Ensuring Internet Safety in the Digital Age

By Anathea Simpkins

Age Groups

According to a 2011 report by the Pew Internet Project, 95% of children ages 12–17 are online. Also, 80% of online teens are using social media. That’s a lot of online interaction for parents to monitor.

How do you keep your child safe? The first thing you can do to encourage internet safety is to be aware. While it’s a bit scary to think about the dangers lurking in cyberspace, the good news is that you can do a lot to educate your child so that they thrive in their digital environments. Here are some things you help your child to avoid:

  • Cyberbullying. According to the Pew report, 88% of teens have witnessed cruelty on a social network site. Cyberbullying isn’t limited to a home computer, either. With cell phones and laptops, children can feel like the bullies are with them wherever they go.
  • Identity Theft. Unfortunately, identity theft isn’t limited to adults. Children get their identities stolen, as well. Thieves sim to steal their personal information, including their social security numbers.
  • Predators. It’s scary to think about the predators in the world, but online predators are an unfortunate reality of online interactions. The anonymity provided online gives these people opportunities with unwary kids.

It’s a digital age, and online interaction is an important part of our academic, social and professional lives. You can help your child learn to thrive in this digital culture by keeping safety in mind.

  • Keep personal info private. Talk with your child about what is and is not appropriate for them to share online. Ask them what they think is okay to share — their answers may surprise you. Review the privacy settings on social media sites (and any other sites they regularly use) with your child. Your kids may not be aware of what’s public and what’s private information. Demonstrate by showing them how you set the privacy settings on some of your social media accounts.
  • Protect passwords. To help keep your child’s online profiles and email safe, explain the proper way to choose a password. Tell them not to choose a password that’s easy to guess, like their first name or a pet’s name, and to include a combination of numbers, symbols, and uppercase and lowercase letters. Also, remind your child not to share their passwords, even with friends. Give them a practical example by resetting one of your online passwords using the tips that you’ve given them.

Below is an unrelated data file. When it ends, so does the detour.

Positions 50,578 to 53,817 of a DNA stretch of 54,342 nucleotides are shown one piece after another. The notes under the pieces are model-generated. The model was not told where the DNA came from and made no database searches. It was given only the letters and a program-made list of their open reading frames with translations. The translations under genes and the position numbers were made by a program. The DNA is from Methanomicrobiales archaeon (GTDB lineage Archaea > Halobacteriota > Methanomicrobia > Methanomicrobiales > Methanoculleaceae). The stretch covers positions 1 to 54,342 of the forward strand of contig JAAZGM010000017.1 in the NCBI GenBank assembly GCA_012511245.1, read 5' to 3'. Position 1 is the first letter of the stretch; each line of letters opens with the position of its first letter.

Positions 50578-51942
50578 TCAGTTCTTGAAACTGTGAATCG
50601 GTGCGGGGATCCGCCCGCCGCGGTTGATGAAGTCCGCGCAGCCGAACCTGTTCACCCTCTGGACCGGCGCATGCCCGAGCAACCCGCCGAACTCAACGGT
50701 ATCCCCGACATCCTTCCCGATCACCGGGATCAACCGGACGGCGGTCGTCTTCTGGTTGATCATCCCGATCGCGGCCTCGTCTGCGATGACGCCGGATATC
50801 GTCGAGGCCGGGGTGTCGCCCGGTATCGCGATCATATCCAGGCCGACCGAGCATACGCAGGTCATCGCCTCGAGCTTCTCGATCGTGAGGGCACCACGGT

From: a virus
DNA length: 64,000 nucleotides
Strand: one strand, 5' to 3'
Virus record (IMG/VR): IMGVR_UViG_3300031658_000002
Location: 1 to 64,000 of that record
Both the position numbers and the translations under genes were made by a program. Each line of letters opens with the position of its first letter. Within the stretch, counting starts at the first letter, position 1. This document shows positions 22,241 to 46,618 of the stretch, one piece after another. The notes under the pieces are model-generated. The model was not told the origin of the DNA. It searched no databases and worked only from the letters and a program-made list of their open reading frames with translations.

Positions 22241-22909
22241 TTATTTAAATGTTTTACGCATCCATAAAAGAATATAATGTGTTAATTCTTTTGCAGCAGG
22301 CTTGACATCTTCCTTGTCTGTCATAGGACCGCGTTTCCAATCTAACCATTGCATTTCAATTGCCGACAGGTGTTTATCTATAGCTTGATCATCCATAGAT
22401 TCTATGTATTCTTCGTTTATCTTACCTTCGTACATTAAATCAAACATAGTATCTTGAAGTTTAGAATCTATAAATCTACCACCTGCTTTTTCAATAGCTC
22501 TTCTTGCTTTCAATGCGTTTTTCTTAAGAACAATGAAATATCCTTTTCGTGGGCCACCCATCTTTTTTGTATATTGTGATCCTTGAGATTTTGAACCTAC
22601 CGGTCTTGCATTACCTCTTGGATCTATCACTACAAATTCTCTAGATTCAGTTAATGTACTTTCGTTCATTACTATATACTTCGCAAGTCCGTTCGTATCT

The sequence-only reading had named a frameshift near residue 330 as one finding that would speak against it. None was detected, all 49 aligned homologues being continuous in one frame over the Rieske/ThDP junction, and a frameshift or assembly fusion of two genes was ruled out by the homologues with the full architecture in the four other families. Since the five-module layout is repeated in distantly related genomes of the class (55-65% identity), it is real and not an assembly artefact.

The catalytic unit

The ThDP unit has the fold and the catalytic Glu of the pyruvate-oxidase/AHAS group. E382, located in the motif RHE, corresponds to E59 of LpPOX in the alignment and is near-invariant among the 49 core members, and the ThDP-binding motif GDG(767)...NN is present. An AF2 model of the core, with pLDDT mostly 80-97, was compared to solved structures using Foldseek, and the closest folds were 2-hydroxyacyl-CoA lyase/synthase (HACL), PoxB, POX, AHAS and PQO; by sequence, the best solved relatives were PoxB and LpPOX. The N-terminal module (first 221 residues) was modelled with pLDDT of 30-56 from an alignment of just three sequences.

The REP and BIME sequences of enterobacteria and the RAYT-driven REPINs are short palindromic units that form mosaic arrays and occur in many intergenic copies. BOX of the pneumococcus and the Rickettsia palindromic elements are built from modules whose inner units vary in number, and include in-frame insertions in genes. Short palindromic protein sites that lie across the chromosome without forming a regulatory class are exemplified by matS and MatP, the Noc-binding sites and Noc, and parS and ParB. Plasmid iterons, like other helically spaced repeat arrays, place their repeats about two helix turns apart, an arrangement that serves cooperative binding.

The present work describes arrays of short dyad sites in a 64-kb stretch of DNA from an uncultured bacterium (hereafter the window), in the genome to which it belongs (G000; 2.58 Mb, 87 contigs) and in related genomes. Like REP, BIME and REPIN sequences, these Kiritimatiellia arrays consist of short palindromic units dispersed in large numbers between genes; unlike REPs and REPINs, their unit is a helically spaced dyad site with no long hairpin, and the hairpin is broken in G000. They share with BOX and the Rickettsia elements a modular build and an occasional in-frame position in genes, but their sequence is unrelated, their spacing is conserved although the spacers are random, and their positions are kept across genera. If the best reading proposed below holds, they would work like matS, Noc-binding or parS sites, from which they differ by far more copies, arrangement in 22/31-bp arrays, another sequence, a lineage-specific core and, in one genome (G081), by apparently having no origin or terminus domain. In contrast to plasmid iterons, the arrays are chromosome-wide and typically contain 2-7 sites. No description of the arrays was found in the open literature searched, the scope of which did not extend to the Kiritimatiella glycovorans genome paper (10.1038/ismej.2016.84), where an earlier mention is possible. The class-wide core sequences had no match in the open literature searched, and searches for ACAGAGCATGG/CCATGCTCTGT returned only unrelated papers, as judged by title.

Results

• Think before you download. Explain to your child that not all downloads are created equal. Before your child downloads anything, have them stop and be sure that they trust the source of the file. Also, warn your child to screen emails carefully, especially if there are links for them to click. If the email is not from someone they know, they should check with you first. Pull up an email or a website that contains a download link and have your child tell you why or why not it’s a good idea to download the file.
  • Be stingy with the information you give out. Remind children to be careful about the kinds of details they give out. Anytime a site asks for banking, credit card or personal information, have your child check with you first. Also, warn your child about phishing emails that ask for info. Explain that these kinds of emails ask for financial and other confidential information. They are sneaky because they look official, but when you look closely, you can see that they are fakes. Try searching your Spam folder or the Internet so you can show your child an example.
  • Be clear about online relationships. An aware child is less of a target. Explain to your child that it’s never okay to give out your address. And, make sure your child knows that taking online interactions to the next level is never okay without your permission, including meeting, calling or getting gifts from an online “new friend.”
  • Maintain communication. One of the most important things you can do is talk with your child regularly. Ask them what’s going on at their social networking sites, find out who they are talking to, and get them to show you the stuff they’ve been looking at online. By talking to them and seeing where they’ve been visiting, you can get a sense of what their online experiences are.

It’s important to remember that the Internet mostly provides a positive opportunity for your child to learn about a variety of subjects, improve their technology skills, and practice communication and collaboration. Keeping safety in mind just helps your child to make the most of the Internet’s benefits.